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What is a Crystal Oven?

M. McGee
M. McGee

A crystal oven is a sealed environment placed around a quartz crystal in high-precision devices. These ovens maintain a constant temperature and pressure, insulating the internal crystal from environmental changes. Generally, a crystal oven is only used on extremely high-precision devices, such as military-grade radio systems and cellular towers. On lower precision devices, the benefit is far out shadowed by the cost and potential bulk of the device.

When a quartz crystal is used as a resonator in a device, it is a major part of sending and receiving signals. The resonance frequency of the quartz is used to tune the transmitter, keeping the sent signals stable. The frequency of the quartz is determined by several factors, including the size of the crystal. As the quartz warms and cools, it can expand and contract. This results in tiny size changes, which change the crystal’s frequency.


Devices that can’t afford to have fluctuation in frequency use a crystal oven to keep the crystal stable. By keeping the crystal’s situation stable, regardless of the actual conditions, its frequency never changes. The most common form of crystal oven is used inside a crystal oscillator.

A crystal oscillator is a common component found in precision measuring instruments, transmitters and receivers. These devices can be very small, and are often incorporated directly into a device’s circuitry. When a crystal oven is used in these devices, it is usually a non-powered insulating device. It relies on its mechanical construction to keep the crystal stable.

Other devices have larger ovens that work on a totally different scale. These devices are built as sealed canisters containing their own stable environment. These ovens often require external power and specially constructed crystals. While this type of crystal oven may be much larger than the oscillator version, some versions are still small enough to connect directly to a circuit system.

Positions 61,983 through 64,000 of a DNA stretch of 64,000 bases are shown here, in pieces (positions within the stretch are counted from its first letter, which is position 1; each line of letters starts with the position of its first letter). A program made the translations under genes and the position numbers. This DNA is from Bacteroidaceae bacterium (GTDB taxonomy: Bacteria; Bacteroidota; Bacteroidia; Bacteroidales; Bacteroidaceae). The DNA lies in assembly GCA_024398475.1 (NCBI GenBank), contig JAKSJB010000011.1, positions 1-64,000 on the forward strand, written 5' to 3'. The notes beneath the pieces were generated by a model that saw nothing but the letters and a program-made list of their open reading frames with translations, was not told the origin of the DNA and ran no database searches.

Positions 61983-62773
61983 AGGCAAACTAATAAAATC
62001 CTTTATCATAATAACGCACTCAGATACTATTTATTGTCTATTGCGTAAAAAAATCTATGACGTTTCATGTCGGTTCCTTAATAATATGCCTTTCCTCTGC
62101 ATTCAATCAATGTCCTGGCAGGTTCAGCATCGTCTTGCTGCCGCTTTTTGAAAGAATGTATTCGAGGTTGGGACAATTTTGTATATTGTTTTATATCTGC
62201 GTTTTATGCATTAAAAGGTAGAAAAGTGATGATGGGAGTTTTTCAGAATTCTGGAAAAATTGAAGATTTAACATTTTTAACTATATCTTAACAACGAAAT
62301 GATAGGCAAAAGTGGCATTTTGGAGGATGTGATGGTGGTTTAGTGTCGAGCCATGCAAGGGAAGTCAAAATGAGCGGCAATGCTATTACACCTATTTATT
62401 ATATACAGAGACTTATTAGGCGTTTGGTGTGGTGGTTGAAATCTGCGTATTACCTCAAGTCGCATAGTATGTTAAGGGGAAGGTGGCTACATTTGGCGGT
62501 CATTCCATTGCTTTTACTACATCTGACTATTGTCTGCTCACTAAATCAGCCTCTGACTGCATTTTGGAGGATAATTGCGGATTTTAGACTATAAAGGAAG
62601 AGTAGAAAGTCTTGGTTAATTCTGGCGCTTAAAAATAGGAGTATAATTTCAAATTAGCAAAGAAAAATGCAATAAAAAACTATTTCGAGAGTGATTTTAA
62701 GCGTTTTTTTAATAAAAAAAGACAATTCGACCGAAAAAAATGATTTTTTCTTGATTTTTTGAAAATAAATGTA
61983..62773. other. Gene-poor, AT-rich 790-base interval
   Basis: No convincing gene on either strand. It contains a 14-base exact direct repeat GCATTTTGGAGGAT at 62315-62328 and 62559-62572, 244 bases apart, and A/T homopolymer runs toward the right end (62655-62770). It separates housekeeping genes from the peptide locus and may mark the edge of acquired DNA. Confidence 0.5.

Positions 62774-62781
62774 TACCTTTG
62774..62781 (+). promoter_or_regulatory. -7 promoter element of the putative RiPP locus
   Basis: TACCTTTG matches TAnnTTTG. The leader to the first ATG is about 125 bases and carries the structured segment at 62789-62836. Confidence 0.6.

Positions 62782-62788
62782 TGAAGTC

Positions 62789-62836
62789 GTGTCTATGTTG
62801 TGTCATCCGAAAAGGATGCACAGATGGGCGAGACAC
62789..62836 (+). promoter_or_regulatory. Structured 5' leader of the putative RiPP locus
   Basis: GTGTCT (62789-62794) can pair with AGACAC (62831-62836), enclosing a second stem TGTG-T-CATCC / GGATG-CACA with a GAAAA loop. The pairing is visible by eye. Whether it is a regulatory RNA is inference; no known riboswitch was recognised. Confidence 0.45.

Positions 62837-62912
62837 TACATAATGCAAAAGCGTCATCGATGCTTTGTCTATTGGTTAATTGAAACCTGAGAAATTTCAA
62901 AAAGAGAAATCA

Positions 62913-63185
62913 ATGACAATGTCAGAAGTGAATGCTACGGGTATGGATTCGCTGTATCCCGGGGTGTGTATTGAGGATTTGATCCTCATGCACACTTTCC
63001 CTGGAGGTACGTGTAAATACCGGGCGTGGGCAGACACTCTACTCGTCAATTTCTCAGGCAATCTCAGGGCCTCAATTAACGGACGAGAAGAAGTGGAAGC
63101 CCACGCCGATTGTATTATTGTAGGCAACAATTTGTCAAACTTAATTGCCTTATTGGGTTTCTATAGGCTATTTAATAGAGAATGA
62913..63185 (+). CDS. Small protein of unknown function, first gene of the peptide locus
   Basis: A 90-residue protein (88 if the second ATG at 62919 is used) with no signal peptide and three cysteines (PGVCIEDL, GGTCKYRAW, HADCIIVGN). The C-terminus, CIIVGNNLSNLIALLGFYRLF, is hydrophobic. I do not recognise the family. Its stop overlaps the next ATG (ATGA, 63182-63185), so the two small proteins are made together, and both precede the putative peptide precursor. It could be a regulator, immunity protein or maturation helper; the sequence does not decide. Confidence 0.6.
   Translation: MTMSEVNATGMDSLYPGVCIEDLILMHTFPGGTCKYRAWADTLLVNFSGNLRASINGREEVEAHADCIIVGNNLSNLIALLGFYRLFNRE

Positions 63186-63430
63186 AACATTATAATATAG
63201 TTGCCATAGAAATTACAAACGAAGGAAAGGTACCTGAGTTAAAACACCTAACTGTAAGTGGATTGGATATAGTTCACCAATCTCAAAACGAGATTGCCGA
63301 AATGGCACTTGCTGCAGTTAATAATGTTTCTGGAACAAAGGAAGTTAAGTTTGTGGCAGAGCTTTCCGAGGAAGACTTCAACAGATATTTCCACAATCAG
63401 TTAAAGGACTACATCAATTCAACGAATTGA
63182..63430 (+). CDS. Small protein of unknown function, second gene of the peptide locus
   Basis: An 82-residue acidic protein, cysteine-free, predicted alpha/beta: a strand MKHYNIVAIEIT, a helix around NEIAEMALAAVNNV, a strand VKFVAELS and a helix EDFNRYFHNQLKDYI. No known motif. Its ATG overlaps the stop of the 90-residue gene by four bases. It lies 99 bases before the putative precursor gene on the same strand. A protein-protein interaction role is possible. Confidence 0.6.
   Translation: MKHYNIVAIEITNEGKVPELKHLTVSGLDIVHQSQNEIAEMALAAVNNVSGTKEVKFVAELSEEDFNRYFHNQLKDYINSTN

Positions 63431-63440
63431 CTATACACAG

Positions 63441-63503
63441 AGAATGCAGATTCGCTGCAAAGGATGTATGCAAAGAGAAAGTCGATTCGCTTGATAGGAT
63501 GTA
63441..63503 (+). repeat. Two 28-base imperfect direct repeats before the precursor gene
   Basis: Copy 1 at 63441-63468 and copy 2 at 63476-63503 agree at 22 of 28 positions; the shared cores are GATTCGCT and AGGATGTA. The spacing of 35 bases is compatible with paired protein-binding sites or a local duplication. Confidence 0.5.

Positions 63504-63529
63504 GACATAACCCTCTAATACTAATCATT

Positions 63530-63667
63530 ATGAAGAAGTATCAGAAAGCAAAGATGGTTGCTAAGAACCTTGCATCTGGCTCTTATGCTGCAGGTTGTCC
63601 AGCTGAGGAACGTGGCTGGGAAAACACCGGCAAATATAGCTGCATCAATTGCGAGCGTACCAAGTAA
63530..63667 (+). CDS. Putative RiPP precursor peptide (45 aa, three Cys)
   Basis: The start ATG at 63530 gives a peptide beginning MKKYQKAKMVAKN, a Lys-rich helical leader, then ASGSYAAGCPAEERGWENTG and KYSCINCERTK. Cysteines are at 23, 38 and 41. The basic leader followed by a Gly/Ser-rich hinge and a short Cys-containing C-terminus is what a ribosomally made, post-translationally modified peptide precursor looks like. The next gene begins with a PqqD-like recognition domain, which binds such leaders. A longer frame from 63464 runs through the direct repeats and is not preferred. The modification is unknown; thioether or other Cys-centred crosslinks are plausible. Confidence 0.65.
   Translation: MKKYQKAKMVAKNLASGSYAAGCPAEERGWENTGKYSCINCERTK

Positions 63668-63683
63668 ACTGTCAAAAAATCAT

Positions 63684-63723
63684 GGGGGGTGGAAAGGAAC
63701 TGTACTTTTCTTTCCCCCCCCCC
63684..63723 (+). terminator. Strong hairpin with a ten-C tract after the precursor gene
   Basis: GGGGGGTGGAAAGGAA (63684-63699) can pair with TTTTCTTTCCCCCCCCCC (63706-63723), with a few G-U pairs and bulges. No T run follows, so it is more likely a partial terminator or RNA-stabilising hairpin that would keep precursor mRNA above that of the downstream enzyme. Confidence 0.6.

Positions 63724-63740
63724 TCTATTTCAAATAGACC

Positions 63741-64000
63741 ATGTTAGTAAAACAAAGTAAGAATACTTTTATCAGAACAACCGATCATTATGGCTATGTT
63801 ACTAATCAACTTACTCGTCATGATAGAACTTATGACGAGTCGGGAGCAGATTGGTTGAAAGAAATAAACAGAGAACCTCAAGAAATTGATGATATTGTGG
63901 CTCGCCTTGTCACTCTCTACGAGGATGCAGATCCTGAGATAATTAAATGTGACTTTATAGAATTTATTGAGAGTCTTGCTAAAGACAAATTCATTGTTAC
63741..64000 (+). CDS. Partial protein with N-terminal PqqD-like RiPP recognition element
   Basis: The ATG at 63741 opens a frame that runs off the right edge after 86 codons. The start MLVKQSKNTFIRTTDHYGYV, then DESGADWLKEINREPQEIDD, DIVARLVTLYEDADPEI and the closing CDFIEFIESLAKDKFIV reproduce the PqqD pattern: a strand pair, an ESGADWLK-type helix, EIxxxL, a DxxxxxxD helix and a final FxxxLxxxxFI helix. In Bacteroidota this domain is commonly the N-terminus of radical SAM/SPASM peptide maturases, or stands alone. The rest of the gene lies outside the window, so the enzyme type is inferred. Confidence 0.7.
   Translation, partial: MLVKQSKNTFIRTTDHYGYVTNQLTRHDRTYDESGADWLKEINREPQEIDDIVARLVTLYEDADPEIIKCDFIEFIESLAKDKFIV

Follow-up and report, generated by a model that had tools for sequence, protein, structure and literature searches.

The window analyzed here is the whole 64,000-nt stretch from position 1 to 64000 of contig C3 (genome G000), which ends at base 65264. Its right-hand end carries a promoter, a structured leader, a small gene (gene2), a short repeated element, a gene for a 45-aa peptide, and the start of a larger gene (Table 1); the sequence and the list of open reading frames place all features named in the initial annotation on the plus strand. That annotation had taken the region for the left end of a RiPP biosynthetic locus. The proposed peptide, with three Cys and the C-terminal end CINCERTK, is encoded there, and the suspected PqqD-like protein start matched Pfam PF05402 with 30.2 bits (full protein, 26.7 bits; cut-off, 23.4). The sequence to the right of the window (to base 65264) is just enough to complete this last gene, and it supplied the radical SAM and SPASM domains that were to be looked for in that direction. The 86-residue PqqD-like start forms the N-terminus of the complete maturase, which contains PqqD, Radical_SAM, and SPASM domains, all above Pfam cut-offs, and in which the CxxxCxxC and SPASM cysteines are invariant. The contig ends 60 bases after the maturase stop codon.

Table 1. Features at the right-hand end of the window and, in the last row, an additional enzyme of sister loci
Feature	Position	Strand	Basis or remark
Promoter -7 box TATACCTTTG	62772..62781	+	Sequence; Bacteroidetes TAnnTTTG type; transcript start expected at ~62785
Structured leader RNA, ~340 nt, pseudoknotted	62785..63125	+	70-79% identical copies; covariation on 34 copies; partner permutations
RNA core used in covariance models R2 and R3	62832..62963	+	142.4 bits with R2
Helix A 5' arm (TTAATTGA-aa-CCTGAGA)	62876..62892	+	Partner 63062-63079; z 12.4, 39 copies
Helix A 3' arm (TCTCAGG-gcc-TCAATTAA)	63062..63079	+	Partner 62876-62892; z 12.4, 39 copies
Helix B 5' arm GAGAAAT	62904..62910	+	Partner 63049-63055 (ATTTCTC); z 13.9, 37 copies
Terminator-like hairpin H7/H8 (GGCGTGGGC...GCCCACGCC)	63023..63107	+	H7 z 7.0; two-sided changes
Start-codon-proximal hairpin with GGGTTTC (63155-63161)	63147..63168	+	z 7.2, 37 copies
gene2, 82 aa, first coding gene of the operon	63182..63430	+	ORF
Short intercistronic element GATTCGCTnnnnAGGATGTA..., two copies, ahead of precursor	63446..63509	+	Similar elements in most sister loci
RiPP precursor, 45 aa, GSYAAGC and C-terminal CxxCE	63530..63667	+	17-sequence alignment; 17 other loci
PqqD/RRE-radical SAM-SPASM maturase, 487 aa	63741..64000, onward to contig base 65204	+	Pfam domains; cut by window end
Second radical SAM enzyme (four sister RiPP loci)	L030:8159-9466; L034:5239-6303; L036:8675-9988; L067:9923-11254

In most cases, crystal ovens are unnecessary. On common electronic devices, the degree of precision given by a crystal oven is far more than the user requires. That, along with the added cost of building them into the device, makes many manufacturers skip them in their designs.

On the other hand, they are needed when users require a very high level of precision or stability. On a consumer level, this is usually found in high-end watches, diagnostic tools and audio equipment. On a commercial level, local transmission hubs such as cellular towers or radio transmission stations use these ovens to keep their frequencies within the correct bandwidth. Finally, military systems use these ovens to keep transmission bands narrow to prevent unwanted bleed into adjacent frequencies.

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